Here is part 3, discussing anxiety, self-esteem and intimacy. Enjoy and I hope it helps and raises awareness further. 🙂
Colleen – On a scale of 0-10, where would you put yourself as far as general happiness and life satisfaction? If there was some way to magically be neuro-typical, would you take it?
Good question. 🙂 I would say about I’m about a 7 or an 8 on average. Sometimes I dip to a 5 but only for a few days at a time. I’m incredibly lucky – I’ve always been a positive person who doesn’t like to dwell on things for too long. Life is what you chose to make it. Shit happens but I think it’s how we all deal with that shit that shapes who we become, well that’s just my way of looking at it and I understand it’s not like that for everyone else.
There is absolutely no way I would want to be neuro-typical, in fact I couldn’t imagine anything worse! Don’t get me wrong I haven’t always felt like this. I spent most of my life wishing I was ‘normal’ just so the pain would stop. I longed to be accepted but once I accepted that I was different the pain eased. I realised that it was okay to be me, that I did have a place and purpose in this world and that I could be loved. I don’t think I would be me without PDA. I like who am. PDA is my gift that I can use to help others. 🙂
Debbie – How did people help you with your anxiety when you were younger? How do they help you now? And what if anything has changed?
That’s a difficult one to answer. I tend to keep my anxiety to myself, not because no one would understand but simply because if I did tell them then it would be all I talk about! I feel anxious most of the time – it’s just bubbling away under the surface. Simple tasks can push me over the edge. Apart from having an extremely understanding and supportive family and network of friends I don’t have any help with my anxiety, such as medication or therapy, and none has ever been offered since I turned 18. I’m not sure I want that either, I’ve learnt to manage okayish without it and I’m not sure how I would deal with an outsider know-it-all coming in and telling me what’s what. It’s been a long time since I was ‘in the system’ and I don’t really want to open up old wounds. The people around me just know it’s there, under the surface, without me saying. I do tell them, if I can, when it’s about to boil over though – more for their benefit than mine. Time and space is also key. If I say “leave me the hell alone!” then do it. I mean it. I need to be allowed to process the jumble of feelings that are racing through my mind and I can’t do that if someone is there going on and on. Pressing ‘pause’ on things is often the only way I process when I’m on the edge, which I will add happens about once a week now. I think many think that I don’t lose it or have meltdowns anymore but I do. They just aren’t as frequent. Neither are they violent or as lengthy as they used to be but they do still happen.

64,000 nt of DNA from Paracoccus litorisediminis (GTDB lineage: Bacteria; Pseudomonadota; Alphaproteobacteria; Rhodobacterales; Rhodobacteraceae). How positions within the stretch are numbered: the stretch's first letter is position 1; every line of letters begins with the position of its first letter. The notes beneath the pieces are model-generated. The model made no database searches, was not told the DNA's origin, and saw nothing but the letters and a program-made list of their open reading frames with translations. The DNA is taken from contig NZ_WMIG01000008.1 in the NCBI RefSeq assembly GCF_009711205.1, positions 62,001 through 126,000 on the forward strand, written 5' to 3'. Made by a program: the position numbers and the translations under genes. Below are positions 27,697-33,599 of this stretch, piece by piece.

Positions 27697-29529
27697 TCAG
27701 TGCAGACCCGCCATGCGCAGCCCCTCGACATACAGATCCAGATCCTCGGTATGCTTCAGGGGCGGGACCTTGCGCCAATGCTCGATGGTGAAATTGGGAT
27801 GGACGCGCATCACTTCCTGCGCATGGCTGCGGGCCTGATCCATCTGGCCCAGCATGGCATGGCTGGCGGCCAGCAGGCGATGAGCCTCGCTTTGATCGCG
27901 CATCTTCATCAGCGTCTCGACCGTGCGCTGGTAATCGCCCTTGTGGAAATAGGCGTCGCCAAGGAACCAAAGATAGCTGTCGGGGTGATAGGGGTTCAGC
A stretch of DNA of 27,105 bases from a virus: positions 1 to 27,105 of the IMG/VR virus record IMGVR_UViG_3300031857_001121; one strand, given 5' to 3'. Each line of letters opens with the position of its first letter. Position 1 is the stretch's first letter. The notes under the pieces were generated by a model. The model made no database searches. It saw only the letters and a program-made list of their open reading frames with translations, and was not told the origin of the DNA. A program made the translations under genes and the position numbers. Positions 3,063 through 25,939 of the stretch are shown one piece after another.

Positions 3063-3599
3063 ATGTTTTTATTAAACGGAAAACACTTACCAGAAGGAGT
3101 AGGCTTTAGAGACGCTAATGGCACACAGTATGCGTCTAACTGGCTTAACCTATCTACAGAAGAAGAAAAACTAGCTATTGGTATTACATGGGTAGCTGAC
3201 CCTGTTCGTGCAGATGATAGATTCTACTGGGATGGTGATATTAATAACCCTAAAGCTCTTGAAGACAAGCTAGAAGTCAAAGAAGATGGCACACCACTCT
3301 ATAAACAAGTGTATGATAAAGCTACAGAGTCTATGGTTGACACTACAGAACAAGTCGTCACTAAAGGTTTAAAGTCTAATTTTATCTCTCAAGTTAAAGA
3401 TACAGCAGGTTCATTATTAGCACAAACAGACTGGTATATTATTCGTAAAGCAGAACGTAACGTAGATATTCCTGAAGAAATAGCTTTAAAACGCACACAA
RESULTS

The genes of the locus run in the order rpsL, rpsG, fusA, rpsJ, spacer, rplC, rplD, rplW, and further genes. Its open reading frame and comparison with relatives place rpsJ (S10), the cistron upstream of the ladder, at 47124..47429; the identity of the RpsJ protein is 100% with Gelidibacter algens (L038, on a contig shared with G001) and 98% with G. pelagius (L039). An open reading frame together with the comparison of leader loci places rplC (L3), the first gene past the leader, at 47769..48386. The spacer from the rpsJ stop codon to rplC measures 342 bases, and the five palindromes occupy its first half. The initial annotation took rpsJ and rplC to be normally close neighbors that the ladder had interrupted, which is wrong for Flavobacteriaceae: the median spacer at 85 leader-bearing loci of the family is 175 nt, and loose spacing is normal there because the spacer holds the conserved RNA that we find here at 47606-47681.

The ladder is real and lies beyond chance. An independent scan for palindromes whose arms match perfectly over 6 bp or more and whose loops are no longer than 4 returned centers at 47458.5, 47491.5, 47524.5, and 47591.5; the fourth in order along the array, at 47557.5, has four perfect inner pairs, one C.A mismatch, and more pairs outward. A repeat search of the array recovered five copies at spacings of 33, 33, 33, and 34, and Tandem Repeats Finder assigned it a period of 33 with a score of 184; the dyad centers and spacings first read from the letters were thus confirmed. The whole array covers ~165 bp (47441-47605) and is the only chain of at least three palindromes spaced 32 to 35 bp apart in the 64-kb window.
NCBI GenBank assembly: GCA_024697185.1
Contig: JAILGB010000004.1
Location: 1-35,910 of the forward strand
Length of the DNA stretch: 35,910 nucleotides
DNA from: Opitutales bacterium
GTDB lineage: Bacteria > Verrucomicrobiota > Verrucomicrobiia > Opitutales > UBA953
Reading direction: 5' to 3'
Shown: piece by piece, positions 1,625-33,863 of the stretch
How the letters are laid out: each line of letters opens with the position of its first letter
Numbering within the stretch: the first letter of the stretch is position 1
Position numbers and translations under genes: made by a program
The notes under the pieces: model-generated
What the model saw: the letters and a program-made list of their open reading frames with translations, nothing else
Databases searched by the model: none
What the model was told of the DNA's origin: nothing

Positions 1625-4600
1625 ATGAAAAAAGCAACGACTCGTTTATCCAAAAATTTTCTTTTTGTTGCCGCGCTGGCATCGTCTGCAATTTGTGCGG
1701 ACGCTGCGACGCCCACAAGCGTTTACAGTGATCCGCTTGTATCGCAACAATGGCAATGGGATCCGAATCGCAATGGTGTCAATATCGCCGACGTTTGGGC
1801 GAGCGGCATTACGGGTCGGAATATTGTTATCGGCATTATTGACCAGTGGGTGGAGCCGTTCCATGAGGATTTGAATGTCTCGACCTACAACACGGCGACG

I’ve always felt anxiety but my fuse has got much longer over the years and so have the triggers. Having people around me who ‘get it’ is the most important thing when it comes to anxiety. Most of my childhood was spent by me feeling intense anxiety but not being able to explain it to people and having ‘traditional’ parenting/schooling inflicted on me so I wouldn’t say that it was managed at all then. I don’t think many realised that anxiety was the root issue. For the first 12 years of my life you have to remember I was ‘just a naughty child’ who needed ‘a good smack’. Once I was diagnosed and the adults involved with my case got on board with PDA then it was much easier and my anxiety was seen as just that and then it began to be reduced. We all then worked bloody hard to undo 12 years of damage for mismanagement and misunderstanding.
Sonja – How do I preserve my child’s self-esteem? What is the one thing you wish your parents knew? And my husband asks: how have you controlled/managed your meltdowns within yourself?